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wall. after world war 2 the united states spends how many billions of dollars on the marshall plan. they made a significant investment because we thought it would behoove us to have security in this nation on the other side of the ocean but we are unwilling to do the same thing with our closest neighbor and investing in education and jobs in mexico sounds better than building a wall. >> one minutes so that i can provide each of you one minutes for closing remarks. it is important we end with your thoughts. i will do that by reading two short paragraphs of each of their books. i will start with you, stephanie. page 25, rice and beans, goals
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for the upcoming year, he was a septic tank, fire hydrant, or creeks tested for toxicity and community centers from which to better organize constituencies and a squadron. a lot of people. we will need carpenters, nutritions, plumbers, toxicologists but will do that work for free? this is the key difference about writing about a far-flung community. a hammer gets increasingly hard to justify at various points. i have vowed to stop trying to change them. those are the only tools i know how to use. wars are powerful tools. i want you to do it for all of us. so more people can understand what is going on on the border.
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>>. difficult for me, how difficult, a man took a moment to look at me in the light, you can drive us to the border and just leave us there. she turned her head beyond the church, have to bring you in. took a deep breath and nodded and climbing to the back of the transport van to help his pregnant wife. what are your names, i asked a. the man looked at me strangely and glanced at his wife, they took turns introducing themselves. i told them my name. they replied with polite smiles.
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later that night as i sat listening to calls come over the radio i this is a personal topic for the 3 of us. with that, some remarks. >> the one thing i want to say in hearing people talk about this book, you show so much emphasis he. for the people crossing the line and to be quite honest with all of you, that makes me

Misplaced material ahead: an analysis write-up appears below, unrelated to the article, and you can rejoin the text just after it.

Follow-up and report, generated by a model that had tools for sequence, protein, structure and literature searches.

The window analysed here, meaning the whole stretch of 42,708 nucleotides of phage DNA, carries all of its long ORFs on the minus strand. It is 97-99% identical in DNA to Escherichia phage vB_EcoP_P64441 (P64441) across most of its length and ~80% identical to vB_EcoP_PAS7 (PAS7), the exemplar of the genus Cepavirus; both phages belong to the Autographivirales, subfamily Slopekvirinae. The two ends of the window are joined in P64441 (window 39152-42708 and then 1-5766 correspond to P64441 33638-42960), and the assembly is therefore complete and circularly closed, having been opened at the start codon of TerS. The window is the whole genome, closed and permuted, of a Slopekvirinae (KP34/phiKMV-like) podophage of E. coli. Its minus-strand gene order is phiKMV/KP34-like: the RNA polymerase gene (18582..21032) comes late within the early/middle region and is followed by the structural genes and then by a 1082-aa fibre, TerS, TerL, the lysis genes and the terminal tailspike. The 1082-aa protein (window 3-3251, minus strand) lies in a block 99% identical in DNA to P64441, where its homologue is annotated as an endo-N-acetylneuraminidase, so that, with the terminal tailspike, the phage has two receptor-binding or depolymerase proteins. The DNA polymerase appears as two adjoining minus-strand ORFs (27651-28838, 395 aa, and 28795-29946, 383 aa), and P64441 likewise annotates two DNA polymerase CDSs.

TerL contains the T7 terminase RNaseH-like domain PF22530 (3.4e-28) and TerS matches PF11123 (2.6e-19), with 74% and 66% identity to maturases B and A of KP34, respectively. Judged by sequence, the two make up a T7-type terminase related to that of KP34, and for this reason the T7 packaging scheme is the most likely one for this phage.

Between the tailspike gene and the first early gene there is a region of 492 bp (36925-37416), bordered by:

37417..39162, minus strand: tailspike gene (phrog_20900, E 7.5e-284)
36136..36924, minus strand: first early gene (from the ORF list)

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feel uncomfortable because feeling empathy for someone's situation or compassion only goes so far. the passage you read from stephanie's book alludes to and what is so important, when we are moved to empathy or compassion we think about not putting that book down and picking up the next one and feeling good about ourselves but feeling compassionate is something we do to feel good about ourselves. but i think translating that into action is important and not just donating to the many groups doing advocacy work and humanitarian work and activism but investing in san antonio, investing in your communities, whether you know undocumented people or think you don't you probably do, listen to those
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people's stories, listening is one of the first and most important things we can do. to wield our privilege, to wield it like a baseball bat, raul is part of this organization. look into organizations like that but also to bail somebody out of immigration detention or crowd fund for somebody to help them pay for an immigration lawyer, the more personal you can make it the better. >> it is all about evaluating your skill, your passion, and applying that to our justice. my niece is a drummer. she can go out and drum for humanity. whatever it is you love, whatever talent you can bring
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to this equation, all hands on deck, we need the poets, the engineers, we need everyone in this room and apply whatever school you have, everything you would love to do, to get somewhere. >> please buy the book, get it signed and see you next year. [inaudible conversations] >> next up from the 6 annual san antonio book festival, water supply issues in texas.